In the Article relative to Forfeitures and Escheats, (No. 96.) in order to prevent the Disposal of them for less than the real Value, We have inserted an additional Direction to the Governor not to dispose thereof, until he shall have transmitted an Account of such Forfeitures and Escheats, and received Your Majesty's Directions thereupon.
The 115th Article relating to the Colours to be worn by private Ships is made conformable to Your Majesty's Order in Council of the 7th of January 1730, containing Regulations with respect thereto.
We have omitted the 101st Article of the Instructions to the late Governor relative to the Boundary Line between the Provinces of North and South Carolina, a Line having been run in consequence of the said Instruction. But as that Line does not appear to Us to be run in conformity to the said Instruction, and many Inconveniencies have been represented to arise from it, We have directed Mr. Dobbs upon his Arrival in his Government to enquire into the Proceedings of the Commissioners appointed to run the said Line, to point out to Us in what particulars the same is contrary to Your Majesty's said Instruction, and what are the Inconveniencies thereby arising to the Inhabitants of North Carolina, and to consider with Your Majesty's Governor of South Carolina of the Boundary Line, which for the Ease and Advantage of both Provinces it may be most expedient to establish, to the end that We may lay the same before Your Majesty for Your Majesty's further Directions therein.
We have also omitted the 103d Article of the former Instructions relative to the late Royal African Company, which being dissolved, that Instruction seems no longer necessary.
Besides the foregoing Alterations, We have added the following Articles, inobedience to an Order of the Lords of the Committee of Your Majesty's most Honourable Privy Council, dated 26th March last, approving Our Representation to Your Majesty of the 14th of the same Month upon the State of North Carolina, and directing Us to prepare Instructions conformable thereto, and to insert the same in the General Instructions for Mr. Dobbs;
No. 12. 13. 14. to prescribe the Manner of electing an Assembly, and the Number of Members, of which it is to consist, and to limit the Quorum to fifteen;
No. 15. to erect Towns and Counties in the Southern District, as the Province grows more peopled;
No. 16. directing the Governor to confirm the Rights of the several Towns, Precincts or Counties by Charters of Incorporation, and forbidding him to assent to any Law, whereby the Duration of the Assembly may be limited or ascertained, or any other Regulation made with respect thereto, contrary to Your Majesty's Rights and Prerogative;
No. 41. to establish such and so many Courts of Justice as shall appear to be necessary, and to consider of the most proper Place for the Seat of Government, and to make report thereof to Your Majesty;
No. 42. to establish a Court of Exchequer;
No. 75. 76. 77. 78. 79. 80. 81. 82. 83. 86. 87. 88. 89. 90. 91. 92. to establish such new Regulations with respect to Grants of Lands and Your Majesty's Quit-Rents as are become necessary upon the Repeal of the Quit-Rent Act passed in 1748;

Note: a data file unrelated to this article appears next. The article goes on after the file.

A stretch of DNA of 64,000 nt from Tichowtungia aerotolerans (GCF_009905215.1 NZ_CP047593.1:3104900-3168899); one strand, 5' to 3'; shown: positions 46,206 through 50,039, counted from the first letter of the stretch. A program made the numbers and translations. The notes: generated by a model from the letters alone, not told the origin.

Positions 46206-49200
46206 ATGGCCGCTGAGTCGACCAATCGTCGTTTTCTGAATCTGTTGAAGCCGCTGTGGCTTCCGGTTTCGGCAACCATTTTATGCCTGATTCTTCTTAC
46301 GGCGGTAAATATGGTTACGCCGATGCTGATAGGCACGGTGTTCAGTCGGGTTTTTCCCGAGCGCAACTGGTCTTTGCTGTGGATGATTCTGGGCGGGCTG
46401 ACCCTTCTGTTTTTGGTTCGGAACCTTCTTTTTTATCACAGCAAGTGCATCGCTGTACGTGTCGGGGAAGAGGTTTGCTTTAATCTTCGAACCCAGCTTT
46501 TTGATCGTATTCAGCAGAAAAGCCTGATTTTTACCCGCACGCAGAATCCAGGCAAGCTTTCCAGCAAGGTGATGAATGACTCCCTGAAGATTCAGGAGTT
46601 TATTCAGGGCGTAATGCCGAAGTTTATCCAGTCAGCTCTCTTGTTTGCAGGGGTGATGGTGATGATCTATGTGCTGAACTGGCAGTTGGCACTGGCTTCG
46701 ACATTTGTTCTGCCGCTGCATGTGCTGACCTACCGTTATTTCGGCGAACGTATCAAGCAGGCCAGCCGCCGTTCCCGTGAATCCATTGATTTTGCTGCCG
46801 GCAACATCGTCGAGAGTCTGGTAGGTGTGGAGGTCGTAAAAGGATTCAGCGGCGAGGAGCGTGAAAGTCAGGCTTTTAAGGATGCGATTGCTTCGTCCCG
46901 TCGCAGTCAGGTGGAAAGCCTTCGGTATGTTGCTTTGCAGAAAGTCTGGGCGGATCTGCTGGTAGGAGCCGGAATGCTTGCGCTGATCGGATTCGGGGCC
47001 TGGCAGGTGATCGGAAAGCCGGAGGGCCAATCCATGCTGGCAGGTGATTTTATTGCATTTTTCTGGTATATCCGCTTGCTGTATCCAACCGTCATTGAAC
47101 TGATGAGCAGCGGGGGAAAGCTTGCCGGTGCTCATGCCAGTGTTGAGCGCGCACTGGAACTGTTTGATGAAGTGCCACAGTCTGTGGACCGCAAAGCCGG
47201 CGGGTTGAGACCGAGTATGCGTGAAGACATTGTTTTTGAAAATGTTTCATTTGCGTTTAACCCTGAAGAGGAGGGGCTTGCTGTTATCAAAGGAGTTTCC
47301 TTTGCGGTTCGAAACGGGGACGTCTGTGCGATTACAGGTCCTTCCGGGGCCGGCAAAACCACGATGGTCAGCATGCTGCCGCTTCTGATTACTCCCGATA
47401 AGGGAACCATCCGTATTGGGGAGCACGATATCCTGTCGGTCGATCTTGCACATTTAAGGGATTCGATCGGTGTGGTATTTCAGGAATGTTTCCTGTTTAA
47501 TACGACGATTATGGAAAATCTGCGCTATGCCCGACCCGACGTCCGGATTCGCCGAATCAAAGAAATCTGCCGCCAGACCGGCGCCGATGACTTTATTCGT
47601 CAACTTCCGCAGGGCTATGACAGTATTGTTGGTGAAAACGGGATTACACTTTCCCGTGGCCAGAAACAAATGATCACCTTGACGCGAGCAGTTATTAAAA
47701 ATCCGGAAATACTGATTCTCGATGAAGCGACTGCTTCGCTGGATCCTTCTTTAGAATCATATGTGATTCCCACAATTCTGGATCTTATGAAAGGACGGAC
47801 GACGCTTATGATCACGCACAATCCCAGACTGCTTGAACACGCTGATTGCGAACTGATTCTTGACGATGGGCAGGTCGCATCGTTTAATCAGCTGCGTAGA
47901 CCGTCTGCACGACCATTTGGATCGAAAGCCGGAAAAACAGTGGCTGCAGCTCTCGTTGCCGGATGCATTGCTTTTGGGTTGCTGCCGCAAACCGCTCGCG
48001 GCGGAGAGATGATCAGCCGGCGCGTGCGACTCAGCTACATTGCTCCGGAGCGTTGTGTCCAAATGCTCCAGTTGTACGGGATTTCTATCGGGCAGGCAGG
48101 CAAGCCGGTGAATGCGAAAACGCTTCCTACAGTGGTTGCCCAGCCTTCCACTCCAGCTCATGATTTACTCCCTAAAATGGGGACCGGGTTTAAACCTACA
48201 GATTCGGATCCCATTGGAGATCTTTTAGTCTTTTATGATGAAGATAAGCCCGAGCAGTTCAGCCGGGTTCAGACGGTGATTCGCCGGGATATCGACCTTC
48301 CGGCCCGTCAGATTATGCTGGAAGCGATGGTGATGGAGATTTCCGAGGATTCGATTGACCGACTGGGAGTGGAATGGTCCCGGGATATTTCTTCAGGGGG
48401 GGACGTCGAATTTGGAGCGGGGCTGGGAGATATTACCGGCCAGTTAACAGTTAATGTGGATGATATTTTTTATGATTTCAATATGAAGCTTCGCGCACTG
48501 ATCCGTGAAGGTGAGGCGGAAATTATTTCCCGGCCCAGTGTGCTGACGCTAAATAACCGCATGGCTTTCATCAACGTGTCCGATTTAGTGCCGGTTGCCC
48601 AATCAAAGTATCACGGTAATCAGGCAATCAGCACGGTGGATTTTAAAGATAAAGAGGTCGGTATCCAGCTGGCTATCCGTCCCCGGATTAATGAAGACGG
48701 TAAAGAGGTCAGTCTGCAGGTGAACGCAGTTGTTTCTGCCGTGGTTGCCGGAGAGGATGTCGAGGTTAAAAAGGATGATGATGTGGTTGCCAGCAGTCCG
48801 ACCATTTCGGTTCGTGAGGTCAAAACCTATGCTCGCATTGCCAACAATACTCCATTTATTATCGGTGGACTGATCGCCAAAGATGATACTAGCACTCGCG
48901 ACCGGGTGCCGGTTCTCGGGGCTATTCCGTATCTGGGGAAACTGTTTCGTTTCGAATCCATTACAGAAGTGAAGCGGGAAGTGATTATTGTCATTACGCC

No. 84. to accept a Surrender from Mr. McCulloh and his Associates, (when the Term allowed them to compleat their Settlement is expired,) of such part of the Lands granted them as shall not be settled according to the proportion of one Person for every two hundred Acres, and to regrant the same to any other Persons, and to release the present Grantees from being obliged to pay Quit-Rents for the Lands so surrendered;
And No. 85. to support and maintain Mr. McCulloh and his Associates in their just and legal Rights and in the quiet Possession of their Lands.
To these We have thought it necessary to add one other Article, No. 93, declaring that the several Regulations prescribed by these Instructions with respect to Grants of Land and Quit-Rents shall not be construed to extend to such parts of Your Majesty's said Province as are included within Your Majesty's Grant to the Earl Granville.
We have also added the Article, No. 24., relative to the Establishment of a permanent Revenue for the Support of Government in North Carolina; it appearing to Us that no such Revenue has yet been settled there, and that such an Establishment would most effectually tend to the Security and good Government of Your Majesty's said Province.
In the Instructions relative to the Acts concerning Trade and Navigation, We have inserted the Titles of many Laws which were omitted when the former Instructions were given to Mr. Johnston, and of such as have been passed since relative to the Plantation Trade. We have also added the 6th and 7th Articles, and have made some other Alterations therein, chiefly containing Directions for the more effectually preventing Frauds in the Plantation Bonds, conformable to a Representation of the Commissioners of Your Majesty's Customs in the Year 1737.
We have also added the 22d Article, containing Directions to the said Governor for the more effectual Execution of the Act passed in the twenty first Year of Your Majesty's Reign, for encouraging the making of Indigo in the Plantations in America.
All which is most humbly submitted.